[webkit-dev] Feature Announcement: Moving HTML Parser off the Main Thread

Filip Pizlo fpizlo at apple.com
Wed Jan 9 22:14:31 PST 2013

On Jan 9, 2013, at 10:04 PM, Ian Hickson <ian at hixie.ch> wrote:

> On Wed, 9 Jan 2013, Eric Seidel wrote:
>> The core goal is to reduce latency -- to free up the main thread for 
>> JavaScript and UI interaction -- which as you correctly note, cannot be 
>> moved off of the main thread due to the "single thread of execution" 
>> model of the web.
> Parsing and (maybe to a lesser extent) compiling JS can be moved off the 
> main thread, though, right? That's probably worth examining too, if it 
> hasn't already been done.

100% agree.

However, the same problem I brought up about tokenization applies here: a lot of JS functions are super cheap to parse and compile already, and the latency of doing so on the main thread is likely to be lower than the latency of chatting with another core.  I suspect this could be alleviated by (1) aggressively pipelining the work, where during page load or during heavy JS use the compilation thread always has a non-empty queue of work to do; this will mean that the latency of communication is paid only when the first compilation occurs, and (2) allowing the main thread to steal work from the compilation queue.  I'm not sure how to make (2) work well.  For parsing it's actually harder since we rely heavily on the lazy parsing optimization: code is only parsed once we need it *right now* to run a function.  For compilation, it's somewhat easier: the most expensive compilation step is the third-tier optimizing JIT; we can delay this as long as we want, though the longer we delay it, the longer we spend running slower code.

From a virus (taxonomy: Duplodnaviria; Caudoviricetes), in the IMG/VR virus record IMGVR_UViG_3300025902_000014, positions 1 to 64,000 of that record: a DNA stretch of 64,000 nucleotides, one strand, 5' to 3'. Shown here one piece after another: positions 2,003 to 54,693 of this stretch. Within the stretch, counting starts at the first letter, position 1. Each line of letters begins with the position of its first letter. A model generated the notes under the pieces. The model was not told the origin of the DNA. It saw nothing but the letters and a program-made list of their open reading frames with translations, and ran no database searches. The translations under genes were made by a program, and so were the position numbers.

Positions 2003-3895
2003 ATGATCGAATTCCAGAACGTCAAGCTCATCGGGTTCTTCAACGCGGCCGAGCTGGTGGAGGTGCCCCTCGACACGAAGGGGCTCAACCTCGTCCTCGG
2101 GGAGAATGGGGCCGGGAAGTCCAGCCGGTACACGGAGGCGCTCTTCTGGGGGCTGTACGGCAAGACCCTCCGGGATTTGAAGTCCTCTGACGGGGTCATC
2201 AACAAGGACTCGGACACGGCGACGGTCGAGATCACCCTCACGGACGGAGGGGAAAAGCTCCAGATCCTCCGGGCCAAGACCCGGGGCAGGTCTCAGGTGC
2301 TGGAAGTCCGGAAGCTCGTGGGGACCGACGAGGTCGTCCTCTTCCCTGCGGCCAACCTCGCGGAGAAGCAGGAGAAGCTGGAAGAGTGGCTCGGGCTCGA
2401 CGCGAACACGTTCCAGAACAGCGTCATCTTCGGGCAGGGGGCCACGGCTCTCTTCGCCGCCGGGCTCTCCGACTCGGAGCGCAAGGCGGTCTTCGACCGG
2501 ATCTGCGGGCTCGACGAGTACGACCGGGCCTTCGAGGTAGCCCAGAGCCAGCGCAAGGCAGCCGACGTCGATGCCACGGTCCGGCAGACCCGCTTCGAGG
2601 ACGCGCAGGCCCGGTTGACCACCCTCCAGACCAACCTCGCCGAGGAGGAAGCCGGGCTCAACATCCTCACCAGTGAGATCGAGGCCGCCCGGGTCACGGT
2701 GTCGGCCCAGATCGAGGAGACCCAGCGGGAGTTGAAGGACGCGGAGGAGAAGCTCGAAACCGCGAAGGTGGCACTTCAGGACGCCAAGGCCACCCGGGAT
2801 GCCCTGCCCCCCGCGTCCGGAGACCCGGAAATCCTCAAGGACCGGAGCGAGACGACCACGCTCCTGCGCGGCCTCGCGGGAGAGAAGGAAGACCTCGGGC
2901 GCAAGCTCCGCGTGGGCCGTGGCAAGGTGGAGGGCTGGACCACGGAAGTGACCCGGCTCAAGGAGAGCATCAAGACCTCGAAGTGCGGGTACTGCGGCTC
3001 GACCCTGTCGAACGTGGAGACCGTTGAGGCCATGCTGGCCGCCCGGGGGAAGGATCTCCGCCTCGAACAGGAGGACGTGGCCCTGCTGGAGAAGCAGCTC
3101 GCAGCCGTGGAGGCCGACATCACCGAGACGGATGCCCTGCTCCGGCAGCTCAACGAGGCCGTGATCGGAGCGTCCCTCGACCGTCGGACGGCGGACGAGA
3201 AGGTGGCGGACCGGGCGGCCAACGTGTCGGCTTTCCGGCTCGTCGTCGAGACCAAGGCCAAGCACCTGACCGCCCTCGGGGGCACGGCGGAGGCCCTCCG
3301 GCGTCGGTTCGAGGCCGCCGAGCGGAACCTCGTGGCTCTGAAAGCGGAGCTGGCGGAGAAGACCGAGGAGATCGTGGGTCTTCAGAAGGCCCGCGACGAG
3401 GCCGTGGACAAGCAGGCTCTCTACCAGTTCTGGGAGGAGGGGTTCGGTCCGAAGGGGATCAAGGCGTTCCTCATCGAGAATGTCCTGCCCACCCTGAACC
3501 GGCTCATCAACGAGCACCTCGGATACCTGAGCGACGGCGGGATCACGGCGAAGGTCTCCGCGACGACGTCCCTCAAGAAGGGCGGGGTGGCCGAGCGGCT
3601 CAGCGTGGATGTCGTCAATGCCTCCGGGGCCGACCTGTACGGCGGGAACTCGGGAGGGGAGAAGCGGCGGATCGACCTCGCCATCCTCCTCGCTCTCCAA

Hence, to make parsing concurrent, the main problem is figuring out how to do predictive parsing: have a concurrent thread start parsing something just before we need it.  Without predictive parsing, making it concurrent would be a guaranteed loss since the main thread would just be stuck waiting for the thread to finish.

To make optimized compiles concurrent without a regression, the main problem is ensuring that in those cases where we believe that the time taken to compile the function will be smaller than the time taken to awake the concurrent thread, we will instead just compile it on the main thread right away.  Though, if we could predict that a function was going to get hot in the future, we could speculatively tell a concurrent thread to compile it fully knowing that it won't wake up and do so until exactly when we would have otherwise invoked the compiler on the main thread (that is, it'll wake up and start compiling it once the main thread has executed the function enough times to get good profiling data).

Anyway, you're absolutely right that this is an area that should be explored.


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